I walk into the living room, where I hear the sizzling, spitting, sputter of the fry pan announcing breakfast. Minutes later, I smell fried dumplings, a softly sweet aroma that puts to mind N’awlins, beignets, and powdered sugar down my front.

My host mom sets my plate before me. I savor the stir-fry of pepper, onions, and seasoning, then cut into the smooth plantains. The banana-like fruit tastes like it’s been dipped in maple syrup, then fried in Heaven. I close my eyes and enjoy that honeyed bite, my rapture catalyzed knowing the sweetness is innate.

As I walk to training, I begin to sweat. I feel as if I’m in a sauna, but wearing too many clothes for the health benefits to kick in. Once I climb the stairs to our veranda training grounds, the sea breeze whips and stirs my hair into Medusa-like frenzy.

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SPLASH

When I get home, I feel like someone tried to cram the contents of Moby Dick and War and Peace into my bleary eyed brain. Then, I smell pumpkin cooking in the kitchen. Something else mixes with the summer squash- I later learn it’s pimento.

At the table, my host mom, joined by her mother and daughter, talks of cinnamon chocolate tea, ginger, sorrel root (it makes good beer), ackee, naseberries, June plums, at least four kinds of mangoes, star apple, and an aptly named fruit called stinky toe cheese. Her arms waving, and brow sweating as my host mom tells me of another foreign fruit, I imagine trying all these foods and drinks, stinky toe cheese included.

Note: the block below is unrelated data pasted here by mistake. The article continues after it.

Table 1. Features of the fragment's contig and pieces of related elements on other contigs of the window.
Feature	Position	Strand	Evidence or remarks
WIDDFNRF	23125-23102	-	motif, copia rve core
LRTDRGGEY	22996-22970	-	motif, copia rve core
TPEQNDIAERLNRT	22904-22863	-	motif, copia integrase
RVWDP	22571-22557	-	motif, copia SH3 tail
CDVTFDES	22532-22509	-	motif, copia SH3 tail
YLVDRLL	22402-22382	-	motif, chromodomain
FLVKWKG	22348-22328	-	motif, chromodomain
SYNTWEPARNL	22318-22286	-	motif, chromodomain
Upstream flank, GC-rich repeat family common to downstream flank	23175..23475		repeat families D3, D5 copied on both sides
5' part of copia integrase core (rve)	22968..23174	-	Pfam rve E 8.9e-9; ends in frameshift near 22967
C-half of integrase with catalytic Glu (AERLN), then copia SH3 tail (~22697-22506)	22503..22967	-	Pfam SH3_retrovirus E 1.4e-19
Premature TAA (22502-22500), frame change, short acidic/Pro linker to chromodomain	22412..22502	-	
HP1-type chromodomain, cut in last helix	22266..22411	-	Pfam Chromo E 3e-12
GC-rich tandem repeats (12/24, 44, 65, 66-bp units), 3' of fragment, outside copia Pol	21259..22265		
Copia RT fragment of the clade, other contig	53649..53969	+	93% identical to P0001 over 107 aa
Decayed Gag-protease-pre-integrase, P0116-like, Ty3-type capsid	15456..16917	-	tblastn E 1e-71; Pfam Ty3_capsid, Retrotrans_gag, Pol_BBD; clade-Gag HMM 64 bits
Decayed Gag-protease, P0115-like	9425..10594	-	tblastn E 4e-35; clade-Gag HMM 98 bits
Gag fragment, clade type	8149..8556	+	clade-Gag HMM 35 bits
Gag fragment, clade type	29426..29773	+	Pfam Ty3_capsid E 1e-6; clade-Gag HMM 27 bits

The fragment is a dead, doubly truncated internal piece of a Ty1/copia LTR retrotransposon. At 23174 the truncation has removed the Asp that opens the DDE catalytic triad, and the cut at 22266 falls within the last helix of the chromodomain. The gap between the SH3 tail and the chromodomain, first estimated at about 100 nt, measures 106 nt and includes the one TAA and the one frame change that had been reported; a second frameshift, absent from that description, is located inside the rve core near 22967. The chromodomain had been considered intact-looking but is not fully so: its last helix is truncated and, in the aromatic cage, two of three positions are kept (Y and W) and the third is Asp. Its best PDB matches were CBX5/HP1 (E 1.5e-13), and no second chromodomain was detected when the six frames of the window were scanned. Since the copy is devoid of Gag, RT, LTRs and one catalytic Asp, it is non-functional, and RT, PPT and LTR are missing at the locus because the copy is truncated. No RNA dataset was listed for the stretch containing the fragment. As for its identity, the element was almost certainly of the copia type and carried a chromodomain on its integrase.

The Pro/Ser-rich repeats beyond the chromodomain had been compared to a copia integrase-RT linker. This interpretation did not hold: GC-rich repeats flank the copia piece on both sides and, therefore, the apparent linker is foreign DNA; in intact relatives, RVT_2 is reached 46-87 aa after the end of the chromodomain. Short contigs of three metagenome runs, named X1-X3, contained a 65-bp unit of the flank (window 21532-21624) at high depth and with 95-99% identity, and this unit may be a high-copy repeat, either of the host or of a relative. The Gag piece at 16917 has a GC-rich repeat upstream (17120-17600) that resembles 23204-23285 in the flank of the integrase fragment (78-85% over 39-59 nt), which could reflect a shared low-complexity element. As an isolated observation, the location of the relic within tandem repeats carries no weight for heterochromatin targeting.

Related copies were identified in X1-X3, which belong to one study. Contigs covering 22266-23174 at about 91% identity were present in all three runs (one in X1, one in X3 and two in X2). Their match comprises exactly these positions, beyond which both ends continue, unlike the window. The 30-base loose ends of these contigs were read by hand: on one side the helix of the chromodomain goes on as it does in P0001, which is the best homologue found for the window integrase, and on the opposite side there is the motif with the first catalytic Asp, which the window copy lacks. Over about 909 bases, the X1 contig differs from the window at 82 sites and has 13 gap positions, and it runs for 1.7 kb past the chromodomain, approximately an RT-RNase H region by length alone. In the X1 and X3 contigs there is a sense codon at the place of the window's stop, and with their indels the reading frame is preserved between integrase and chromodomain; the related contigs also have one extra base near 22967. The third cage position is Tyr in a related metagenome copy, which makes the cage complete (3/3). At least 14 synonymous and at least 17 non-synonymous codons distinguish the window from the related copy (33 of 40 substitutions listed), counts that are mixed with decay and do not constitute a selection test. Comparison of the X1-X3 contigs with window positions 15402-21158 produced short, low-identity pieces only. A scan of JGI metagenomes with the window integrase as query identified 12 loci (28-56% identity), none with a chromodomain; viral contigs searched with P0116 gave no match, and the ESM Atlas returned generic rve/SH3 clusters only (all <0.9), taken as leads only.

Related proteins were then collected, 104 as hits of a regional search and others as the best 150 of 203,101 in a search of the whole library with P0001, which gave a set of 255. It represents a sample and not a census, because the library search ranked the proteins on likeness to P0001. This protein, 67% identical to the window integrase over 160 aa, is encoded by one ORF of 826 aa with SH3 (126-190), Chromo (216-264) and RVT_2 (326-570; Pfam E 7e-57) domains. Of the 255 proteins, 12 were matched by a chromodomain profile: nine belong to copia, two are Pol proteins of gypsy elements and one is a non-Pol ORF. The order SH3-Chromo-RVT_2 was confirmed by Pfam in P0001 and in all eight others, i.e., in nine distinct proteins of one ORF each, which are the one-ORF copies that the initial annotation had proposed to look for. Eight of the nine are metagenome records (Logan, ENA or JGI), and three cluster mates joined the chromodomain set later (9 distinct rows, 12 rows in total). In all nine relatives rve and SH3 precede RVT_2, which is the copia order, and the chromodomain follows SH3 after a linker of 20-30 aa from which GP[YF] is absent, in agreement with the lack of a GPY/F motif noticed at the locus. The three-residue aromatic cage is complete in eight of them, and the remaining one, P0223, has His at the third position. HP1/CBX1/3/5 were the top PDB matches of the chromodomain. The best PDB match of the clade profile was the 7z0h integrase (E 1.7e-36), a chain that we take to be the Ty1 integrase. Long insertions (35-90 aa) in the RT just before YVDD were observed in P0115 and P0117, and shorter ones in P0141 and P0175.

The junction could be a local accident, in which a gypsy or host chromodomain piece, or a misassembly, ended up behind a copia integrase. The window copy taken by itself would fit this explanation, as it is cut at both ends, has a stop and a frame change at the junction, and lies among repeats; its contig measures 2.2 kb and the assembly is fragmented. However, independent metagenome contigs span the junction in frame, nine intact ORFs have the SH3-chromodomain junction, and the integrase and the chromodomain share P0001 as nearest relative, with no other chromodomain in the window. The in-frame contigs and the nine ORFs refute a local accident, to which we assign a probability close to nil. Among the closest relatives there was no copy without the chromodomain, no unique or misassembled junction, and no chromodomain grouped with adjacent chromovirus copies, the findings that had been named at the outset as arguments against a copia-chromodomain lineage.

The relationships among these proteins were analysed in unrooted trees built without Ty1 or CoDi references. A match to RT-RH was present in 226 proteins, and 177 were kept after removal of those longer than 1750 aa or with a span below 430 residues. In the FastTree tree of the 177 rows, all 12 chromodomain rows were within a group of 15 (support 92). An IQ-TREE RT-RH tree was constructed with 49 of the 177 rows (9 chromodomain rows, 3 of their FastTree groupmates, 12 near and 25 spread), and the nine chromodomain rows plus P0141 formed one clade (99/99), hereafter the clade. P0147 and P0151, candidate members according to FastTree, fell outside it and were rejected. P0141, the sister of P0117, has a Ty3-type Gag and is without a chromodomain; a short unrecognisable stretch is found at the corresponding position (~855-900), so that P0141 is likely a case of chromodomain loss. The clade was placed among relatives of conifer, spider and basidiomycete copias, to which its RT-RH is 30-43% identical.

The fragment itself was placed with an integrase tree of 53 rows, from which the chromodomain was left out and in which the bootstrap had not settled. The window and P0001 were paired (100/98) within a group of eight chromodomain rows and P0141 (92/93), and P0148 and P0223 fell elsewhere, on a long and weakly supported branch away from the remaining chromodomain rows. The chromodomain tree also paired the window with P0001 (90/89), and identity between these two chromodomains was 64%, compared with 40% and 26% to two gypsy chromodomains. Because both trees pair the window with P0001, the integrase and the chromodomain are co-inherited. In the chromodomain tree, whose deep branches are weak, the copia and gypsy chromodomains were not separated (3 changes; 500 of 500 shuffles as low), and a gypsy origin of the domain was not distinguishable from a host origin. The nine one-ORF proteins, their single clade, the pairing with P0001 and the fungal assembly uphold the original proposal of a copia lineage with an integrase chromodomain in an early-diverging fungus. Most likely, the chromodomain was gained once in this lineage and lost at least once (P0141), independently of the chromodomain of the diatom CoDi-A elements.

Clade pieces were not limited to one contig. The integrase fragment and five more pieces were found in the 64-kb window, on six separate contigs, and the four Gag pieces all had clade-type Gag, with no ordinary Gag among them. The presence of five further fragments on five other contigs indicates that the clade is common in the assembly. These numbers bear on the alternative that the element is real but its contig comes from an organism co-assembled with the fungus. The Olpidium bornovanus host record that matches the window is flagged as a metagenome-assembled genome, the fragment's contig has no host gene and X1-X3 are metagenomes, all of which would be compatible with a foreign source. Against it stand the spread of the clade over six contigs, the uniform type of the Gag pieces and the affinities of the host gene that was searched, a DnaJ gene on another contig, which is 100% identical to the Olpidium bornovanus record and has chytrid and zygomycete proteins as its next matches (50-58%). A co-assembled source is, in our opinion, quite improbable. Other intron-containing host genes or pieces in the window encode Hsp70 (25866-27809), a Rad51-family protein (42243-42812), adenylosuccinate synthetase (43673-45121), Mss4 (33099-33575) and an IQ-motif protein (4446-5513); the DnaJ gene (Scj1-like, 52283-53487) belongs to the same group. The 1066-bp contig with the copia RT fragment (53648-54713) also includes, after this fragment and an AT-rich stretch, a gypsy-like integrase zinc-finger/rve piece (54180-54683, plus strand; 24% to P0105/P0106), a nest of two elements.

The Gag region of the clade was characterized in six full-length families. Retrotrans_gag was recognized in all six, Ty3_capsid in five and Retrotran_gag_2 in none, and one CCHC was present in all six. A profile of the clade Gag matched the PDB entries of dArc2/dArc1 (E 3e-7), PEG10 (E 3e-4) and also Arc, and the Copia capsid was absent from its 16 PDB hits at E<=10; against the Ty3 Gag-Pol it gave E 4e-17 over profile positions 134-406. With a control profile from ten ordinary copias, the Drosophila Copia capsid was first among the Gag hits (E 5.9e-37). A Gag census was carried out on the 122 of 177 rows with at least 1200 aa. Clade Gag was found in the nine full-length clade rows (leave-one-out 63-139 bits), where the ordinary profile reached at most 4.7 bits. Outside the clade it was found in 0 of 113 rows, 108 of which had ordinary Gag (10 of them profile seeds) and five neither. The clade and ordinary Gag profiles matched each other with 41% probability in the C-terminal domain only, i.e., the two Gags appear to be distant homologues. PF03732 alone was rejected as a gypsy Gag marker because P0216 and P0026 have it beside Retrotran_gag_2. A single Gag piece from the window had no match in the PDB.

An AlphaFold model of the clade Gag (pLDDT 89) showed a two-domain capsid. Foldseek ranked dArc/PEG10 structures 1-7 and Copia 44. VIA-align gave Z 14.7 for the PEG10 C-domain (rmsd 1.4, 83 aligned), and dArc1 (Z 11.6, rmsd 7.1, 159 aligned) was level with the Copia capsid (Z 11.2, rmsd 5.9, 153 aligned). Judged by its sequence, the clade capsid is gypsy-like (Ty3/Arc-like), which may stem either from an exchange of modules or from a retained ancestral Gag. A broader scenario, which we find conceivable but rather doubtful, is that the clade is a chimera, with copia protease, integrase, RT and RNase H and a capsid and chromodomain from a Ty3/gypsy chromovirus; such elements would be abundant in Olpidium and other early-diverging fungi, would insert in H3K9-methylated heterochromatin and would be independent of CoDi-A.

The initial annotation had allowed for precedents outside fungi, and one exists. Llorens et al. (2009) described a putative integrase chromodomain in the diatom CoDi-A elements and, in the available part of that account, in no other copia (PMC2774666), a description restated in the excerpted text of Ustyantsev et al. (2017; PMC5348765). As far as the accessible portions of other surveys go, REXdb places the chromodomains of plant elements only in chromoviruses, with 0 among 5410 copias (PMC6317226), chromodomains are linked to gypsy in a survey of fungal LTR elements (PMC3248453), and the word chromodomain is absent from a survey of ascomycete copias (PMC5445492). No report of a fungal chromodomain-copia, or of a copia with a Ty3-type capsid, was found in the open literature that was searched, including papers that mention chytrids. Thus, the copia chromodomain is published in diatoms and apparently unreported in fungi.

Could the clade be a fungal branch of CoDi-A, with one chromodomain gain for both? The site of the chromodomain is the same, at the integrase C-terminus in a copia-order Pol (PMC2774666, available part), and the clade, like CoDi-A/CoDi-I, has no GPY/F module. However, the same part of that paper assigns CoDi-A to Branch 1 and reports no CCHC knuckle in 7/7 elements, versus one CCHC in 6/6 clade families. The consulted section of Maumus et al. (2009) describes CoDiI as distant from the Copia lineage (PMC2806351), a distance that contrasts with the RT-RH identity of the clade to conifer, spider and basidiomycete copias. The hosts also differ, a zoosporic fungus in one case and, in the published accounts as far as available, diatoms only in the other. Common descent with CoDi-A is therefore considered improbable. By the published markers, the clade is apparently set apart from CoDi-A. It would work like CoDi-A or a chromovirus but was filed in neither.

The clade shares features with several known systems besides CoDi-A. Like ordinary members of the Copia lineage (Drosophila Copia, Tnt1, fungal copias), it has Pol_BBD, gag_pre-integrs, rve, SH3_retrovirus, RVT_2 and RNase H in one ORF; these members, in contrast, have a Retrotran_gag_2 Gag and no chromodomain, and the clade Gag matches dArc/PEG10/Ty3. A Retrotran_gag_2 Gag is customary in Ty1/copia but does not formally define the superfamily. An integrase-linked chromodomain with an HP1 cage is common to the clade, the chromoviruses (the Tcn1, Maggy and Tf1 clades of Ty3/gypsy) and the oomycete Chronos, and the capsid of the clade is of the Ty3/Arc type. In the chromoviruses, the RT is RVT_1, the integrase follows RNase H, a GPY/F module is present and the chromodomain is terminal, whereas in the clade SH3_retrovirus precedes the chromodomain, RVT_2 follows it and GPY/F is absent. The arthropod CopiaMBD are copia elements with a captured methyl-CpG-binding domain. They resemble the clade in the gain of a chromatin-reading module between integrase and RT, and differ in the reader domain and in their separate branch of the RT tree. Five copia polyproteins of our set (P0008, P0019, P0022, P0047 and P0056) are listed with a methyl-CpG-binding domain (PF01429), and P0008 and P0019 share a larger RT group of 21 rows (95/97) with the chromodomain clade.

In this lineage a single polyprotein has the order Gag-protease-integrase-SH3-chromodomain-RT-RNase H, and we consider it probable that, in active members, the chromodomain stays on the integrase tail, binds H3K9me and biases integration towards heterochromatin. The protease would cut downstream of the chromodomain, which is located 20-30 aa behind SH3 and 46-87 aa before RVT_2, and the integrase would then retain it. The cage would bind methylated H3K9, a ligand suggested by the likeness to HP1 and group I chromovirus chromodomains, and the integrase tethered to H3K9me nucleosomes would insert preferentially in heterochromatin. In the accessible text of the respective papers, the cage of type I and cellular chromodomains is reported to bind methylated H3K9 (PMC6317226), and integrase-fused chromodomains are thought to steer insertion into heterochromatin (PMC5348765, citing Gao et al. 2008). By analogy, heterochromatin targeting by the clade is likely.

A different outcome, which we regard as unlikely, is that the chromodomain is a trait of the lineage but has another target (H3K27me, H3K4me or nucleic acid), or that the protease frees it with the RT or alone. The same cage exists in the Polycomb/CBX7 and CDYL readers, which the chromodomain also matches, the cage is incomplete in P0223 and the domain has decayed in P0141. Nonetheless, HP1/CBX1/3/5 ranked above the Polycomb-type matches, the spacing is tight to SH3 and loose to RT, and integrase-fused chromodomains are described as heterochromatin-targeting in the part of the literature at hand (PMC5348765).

Watching three generations of women talk over each other in a rush to discuss the past and present of Jamaica’s fruits and food exotica, I realize all my conversations include food. I remember learning to love wine in France, always asking my host mom and dad for “un petit peu” more, making cheese over cow paddy fueled fires in Mongolia, and sharing baked macaroni and cheese with my ostrich farm family in Bulgaria. Now I sit at a table talking about a future filled with stinky toe cheese and ginger.

Coming together over food is not an esoteric cultural rite. Something about seeing people close their eyes and “mmmmm” while chewing food I have prepared sends warm flutters through my body. Sipping my host mom’s Jamaican Saturday soup, I feel grateful that someone includes me in their culture, and wants me to understand it. Since before Proust bit into his madeleine, humanity has embraced the nostalgic, intimate, historical stories food tells, for through them, we begin to understand the people behind the food.